For many of us, summer means barbecue season. For a young pastor named Mike Schmitt, every barbecue-season Saturday for the last eight years is a gathering between folks from the suburbs and the city.
"It started out with a Facebook message. My friend, John, sent it out to a couple friends and he literally said, 'What do you think would happen if we did this?' and we all said, 'I don't know, let's try it,'" said Schmitt. "I thought that we were more likely to get beat up or arrested than for it to go well, but about 40 people ended up showing up and we had a great time."
Today, having formed Elevate Detroit, Schmitt's community barbecue averages 150 people a week and, as you'd figure, lots more in the summer.
"It is not about feeding hungry people, it's about having a party with people regardless of whatever they have or don't have," said Schmitt. "We really, you know, have a lot in common; a lot more in common than we have different."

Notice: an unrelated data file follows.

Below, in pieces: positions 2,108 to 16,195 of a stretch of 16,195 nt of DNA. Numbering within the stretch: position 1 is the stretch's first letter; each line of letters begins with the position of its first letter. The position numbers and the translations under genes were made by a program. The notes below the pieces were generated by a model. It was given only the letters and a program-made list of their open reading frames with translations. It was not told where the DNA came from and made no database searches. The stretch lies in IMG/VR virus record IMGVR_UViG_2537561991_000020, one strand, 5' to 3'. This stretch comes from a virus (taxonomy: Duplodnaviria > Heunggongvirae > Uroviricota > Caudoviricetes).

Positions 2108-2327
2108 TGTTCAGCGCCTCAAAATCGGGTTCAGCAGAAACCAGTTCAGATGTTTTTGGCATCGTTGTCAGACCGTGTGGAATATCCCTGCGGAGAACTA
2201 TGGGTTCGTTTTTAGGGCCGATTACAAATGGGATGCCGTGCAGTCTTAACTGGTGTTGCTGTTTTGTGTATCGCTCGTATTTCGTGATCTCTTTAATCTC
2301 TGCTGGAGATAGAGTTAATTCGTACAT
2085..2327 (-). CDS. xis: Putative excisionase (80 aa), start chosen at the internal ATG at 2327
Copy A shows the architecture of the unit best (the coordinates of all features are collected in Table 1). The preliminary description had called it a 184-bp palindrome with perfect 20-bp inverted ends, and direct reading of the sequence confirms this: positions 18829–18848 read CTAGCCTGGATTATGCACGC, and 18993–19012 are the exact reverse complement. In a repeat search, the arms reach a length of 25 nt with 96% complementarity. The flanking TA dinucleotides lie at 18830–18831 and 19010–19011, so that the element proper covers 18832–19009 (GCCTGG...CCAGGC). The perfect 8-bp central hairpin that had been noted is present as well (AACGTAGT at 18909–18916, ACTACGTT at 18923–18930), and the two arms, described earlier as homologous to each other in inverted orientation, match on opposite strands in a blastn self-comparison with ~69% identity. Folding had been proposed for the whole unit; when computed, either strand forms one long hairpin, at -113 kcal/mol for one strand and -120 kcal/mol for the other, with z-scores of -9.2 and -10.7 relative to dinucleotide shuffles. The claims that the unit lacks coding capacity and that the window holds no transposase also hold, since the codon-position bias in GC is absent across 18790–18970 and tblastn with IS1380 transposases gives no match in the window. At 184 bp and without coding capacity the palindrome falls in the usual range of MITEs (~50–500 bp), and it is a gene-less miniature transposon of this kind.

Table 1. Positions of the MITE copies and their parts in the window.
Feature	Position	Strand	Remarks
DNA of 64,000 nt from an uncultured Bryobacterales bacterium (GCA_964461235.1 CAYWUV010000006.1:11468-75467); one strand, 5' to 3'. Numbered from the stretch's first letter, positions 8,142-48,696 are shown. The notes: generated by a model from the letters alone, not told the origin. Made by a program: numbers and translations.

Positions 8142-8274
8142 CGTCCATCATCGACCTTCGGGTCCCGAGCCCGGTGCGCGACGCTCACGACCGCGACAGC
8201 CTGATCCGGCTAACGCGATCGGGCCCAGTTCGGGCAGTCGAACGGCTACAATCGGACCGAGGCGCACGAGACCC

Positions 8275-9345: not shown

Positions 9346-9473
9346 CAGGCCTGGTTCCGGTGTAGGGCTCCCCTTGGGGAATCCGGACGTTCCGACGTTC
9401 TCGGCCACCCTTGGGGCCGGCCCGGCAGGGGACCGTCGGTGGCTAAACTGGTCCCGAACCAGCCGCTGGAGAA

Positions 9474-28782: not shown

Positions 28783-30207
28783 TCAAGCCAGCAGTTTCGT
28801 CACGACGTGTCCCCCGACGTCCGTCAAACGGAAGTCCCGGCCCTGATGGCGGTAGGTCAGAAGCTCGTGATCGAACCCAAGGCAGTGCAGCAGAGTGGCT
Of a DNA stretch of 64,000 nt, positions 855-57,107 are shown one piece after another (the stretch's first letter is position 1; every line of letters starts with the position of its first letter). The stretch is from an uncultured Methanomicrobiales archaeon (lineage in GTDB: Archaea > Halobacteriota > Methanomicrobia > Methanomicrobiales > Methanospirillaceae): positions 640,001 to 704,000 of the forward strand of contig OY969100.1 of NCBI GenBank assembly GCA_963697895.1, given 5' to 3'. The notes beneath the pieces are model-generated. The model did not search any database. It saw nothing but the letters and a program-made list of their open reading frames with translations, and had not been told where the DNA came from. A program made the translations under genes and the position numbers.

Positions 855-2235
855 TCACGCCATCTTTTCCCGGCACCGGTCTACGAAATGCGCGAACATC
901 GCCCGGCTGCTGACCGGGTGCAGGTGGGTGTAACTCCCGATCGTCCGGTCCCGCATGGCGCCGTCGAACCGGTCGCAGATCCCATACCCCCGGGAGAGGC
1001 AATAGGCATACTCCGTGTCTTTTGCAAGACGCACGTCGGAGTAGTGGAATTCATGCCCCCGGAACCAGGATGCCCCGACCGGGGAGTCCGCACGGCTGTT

From a group of college friends to now over 70 participating churches, the community barbecue is a staple of a corner, even though the city inexplicably locked up the park, forcing the grills onto the sidewalk.
But rain, shine or snow, the urban Thanksgiving runs every Saturday afternoon.
"A lot of times somebody whose homeless or hungry, you spend a lot of time in soup kitchens and food lines, and they feel more treated like a project or a number, and I think when they realize they are not a project to us, I think that has really opened them up to embracing us, too," said Schmitt.
Bridging the gap between suburbs and city one burger at a time, Schmitt and Elevate Detroit are bringing sizzle to the heart of Detroit.